Being as how education is the route out of poverty, and being as how Nepal has poverty like Facebook has banality, it’s been interesting to see how education goes here; how it works, how it’s funded, what good it does anyone.

At the top of the pile we have university graduates, hefty fees for a decent enough education in science, management and engineering, subjects with which to build a future. It’s been good to talk to these types; politicised enough to be angry, educated enough to know their best hope lies in leaving the country. With them goes their expertise, their knowledge and a piece of the country’s chances. They know it, and guilt and self-preservation do battle.

Hoping to be among them we have kids at private schools doing SLC and +2, the equivalent of GCSEs and A-levels. There are fees to be paid here too, tough in a country where there’s not much money knocking about and the habit of putting children to work instead. And let’s be clear: paying fees here doesn’t buy you elocution and David Cameron, it buys a basic education, just enough to move up a step.

Below them, the government-funded free schools. I visited one this week, a bare concrete building in a village of mud-brick houses and subsistence farming. The poverty there was so overwhelming it was almost irrelevant to the world around it. In a small mud house, with generations packed in, with loose potatoes stacked on the floor, with life primitive and divided into shitting, sleeping, eating or none of the above, little details like wealth and hope and acquisition of stuff seem to exist in a parallel universe or a far off future, distant and inaccessible, like space travel to the stone age.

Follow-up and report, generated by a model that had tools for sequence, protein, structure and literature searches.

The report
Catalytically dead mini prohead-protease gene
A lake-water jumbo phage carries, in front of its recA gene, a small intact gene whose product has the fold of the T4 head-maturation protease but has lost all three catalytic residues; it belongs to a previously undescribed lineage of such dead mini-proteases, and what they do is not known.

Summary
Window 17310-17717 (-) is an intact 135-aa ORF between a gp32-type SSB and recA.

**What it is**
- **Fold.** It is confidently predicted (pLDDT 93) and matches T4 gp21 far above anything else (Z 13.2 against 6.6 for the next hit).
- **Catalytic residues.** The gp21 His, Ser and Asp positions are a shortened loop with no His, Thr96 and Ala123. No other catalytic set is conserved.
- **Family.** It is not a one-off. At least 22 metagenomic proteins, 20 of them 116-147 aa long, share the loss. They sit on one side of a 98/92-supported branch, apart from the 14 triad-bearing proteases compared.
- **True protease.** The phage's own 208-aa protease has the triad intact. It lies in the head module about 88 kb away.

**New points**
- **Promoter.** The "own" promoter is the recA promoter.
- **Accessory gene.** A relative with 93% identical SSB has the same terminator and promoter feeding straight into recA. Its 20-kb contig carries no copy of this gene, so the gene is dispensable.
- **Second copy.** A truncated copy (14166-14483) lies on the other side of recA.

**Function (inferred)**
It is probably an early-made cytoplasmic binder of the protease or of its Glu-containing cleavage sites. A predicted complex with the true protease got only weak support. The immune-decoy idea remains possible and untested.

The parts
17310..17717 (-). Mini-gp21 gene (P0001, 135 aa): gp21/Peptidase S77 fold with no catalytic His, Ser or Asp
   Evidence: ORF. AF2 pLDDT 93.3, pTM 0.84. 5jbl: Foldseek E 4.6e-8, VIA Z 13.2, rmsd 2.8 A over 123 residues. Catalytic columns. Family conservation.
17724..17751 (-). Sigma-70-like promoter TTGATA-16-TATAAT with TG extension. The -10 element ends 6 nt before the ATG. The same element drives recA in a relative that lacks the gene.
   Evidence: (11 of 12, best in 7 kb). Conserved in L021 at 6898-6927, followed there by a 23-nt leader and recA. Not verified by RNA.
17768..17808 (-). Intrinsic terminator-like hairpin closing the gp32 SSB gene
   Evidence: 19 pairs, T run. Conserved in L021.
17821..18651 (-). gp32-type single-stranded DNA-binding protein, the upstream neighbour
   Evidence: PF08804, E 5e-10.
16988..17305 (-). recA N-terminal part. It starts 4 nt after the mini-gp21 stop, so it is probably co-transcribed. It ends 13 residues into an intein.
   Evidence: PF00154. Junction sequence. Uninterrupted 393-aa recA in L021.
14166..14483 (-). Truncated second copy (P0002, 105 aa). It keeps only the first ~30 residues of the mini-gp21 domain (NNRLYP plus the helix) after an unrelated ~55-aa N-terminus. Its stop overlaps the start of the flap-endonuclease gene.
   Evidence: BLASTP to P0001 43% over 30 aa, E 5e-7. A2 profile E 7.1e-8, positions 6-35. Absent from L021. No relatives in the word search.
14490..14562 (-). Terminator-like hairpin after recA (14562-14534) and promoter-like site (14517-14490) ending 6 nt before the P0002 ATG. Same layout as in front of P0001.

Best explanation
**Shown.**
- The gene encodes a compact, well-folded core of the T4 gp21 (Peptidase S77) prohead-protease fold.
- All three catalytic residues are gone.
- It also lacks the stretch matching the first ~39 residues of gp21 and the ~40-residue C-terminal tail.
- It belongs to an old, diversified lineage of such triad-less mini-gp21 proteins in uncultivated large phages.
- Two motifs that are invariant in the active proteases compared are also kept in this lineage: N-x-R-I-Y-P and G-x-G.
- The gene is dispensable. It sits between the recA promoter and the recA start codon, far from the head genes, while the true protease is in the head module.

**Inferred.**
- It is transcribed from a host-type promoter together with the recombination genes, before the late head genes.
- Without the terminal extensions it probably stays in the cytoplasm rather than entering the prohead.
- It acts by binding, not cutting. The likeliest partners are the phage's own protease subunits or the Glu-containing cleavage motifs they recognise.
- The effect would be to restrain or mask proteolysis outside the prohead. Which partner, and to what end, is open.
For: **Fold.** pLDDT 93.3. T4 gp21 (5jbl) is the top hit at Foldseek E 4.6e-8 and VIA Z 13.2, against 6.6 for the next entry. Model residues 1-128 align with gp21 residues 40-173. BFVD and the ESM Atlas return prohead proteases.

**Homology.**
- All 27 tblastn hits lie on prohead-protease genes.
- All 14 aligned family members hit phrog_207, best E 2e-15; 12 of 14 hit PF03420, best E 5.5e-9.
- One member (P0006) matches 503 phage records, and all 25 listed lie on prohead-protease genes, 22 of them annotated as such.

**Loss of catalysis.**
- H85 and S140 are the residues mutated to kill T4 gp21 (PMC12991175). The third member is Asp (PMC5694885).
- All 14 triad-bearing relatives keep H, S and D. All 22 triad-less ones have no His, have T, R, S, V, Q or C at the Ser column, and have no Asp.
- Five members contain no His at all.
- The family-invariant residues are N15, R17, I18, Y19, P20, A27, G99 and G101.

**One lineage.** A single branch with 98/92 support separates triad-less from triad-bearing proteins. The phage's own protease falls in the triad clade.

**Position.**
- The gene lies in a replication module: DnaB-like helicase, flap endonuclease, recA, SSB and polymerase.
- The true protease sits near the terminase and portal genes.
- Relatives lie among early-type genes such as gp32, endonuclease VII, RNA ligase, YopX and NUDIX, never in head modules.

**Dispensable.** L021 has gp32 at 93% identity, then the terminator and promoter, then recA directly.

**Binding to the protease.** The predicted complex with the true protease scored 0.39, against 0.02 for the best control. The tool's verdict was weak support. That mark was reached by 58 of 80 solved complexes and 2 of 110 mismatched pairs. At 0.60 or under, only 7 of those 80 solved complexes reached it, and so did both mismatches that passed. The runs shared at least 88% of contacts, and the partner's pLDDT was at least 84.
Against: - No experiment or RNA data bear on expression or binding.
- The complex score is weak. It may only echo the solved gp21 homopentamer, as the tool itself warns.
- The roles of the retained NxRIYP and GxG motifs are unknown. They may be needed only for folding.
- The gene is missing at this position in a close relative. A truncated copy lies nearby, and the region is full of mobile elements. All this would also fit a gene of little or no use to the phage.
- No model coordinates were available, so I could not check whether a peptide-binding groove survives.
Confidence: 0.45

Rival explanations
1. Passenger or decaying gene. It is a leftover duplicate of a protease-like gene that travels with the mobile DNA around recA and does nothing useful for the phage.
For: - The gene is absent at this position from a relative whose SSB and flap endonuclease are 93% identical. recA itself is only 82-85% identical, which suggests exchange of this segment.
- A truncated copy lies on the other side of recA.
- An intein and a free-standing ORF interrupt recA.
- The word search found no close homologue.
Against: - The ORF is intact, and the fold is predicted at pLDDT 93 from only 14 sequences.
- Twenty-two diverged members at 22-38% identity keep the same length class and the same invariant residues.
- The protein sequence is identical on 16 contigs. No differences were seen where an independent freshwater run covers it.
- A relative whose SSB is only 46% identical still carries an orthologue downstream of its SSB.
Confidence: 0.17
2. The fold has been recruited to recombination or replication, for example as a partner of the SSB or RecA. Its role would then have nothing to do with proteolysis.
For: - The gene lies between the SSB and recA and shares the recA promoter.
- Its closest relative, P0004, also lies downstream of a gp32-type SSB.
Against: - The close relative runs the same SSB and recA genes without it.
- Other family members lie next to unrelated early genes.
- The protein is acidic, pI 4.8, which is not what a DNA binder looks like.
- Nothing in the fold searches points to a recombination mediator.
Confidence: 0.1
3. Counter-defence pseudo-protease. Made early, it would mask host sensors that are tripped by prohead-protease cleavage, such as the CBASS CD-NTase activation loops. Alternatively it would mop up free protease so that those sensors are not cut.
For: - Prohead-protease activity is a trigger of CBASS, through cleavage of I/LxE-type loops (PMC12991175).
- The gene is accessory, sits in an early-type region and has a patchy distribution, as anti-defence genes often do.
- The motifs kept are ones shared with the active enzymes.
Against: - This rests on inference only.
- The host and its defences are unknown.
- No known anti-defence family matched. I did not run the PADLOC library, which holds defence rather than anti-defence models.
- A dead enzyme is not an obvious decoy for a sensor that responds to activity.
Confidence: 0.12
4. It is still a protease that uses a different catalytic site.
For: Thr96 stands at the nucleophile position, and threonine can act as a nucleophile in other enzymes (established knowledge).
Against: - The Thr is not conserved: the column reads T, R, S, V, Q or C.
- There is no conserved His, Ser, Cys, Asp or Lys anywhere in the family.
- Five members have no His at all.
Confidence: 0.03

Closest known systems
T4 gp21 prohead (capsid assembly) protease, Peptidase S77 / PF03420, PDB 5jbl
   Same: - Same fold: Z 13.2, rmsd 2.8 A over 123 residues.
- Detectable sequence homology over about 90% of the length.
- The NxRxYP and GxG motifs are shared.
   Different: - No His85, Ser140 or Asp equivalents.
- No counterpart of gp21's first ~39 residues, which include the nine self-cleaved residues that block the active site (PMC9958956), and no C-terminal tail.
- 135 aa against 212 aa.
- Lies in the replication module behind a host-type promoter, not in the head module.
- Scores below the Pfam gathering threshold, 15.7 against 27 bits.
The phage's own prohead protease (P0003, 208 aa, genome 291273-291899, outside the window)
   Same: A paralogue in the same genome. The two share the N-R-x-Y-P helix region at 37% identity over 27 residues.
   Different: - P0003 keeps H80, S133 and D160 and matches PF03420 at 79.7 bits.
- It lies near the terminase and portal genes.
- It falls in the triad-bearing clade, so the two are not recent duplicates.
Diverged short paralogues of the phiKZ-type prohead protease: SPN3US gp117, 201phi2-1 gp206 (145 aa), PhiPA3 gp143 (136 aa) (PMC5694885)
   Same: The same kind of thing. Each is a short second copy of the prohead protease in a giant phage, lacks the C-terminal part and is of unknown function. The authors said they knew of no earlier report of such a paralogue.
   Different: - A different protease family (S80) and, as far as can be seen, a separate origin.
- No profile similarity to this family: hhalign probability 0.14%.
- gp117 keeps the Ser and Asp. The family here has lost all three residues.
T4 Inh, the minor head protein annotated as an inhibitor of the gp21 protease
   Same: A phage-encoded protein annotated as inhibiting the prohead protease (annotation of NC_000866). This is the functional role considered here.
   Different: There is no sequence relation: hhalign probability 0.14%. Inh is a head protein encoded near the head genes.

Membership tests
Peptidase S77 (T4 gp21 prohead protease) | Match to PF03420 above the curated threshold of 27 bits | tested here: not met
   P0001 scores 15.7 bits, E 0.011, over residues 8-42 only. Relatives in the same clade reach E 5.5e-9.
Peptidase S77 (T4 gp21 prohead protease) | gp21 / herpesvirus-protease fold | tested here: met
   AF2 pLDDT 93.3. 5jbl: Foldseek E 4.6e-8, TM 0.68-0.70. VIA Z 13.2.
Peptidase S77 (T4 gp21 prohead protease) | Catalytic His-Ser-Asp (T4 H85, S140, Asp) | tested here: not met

The school seems like the best hope going. There, kids who might be destined to work fields like the seventeen generations before them are learning stuff to take them elsewhere or fix up where they are. It comes off like a wobbly-legged David, under-resourced like the moon is under-populated, dirt-poor, equal parts depressing and inspiring and about the most admirable thing I’ve seen in my life.

It’s July’s Charity of the Month. I made a donation to go to new books or sports equipment or more of the essentials like, for example, chairs. I trust the money will be well spent, given to the headmaster Mrs Zero has known for years. He’s a good guy doing a good thing. I’m a loaded guy doing not much.

Photo credit: The Zero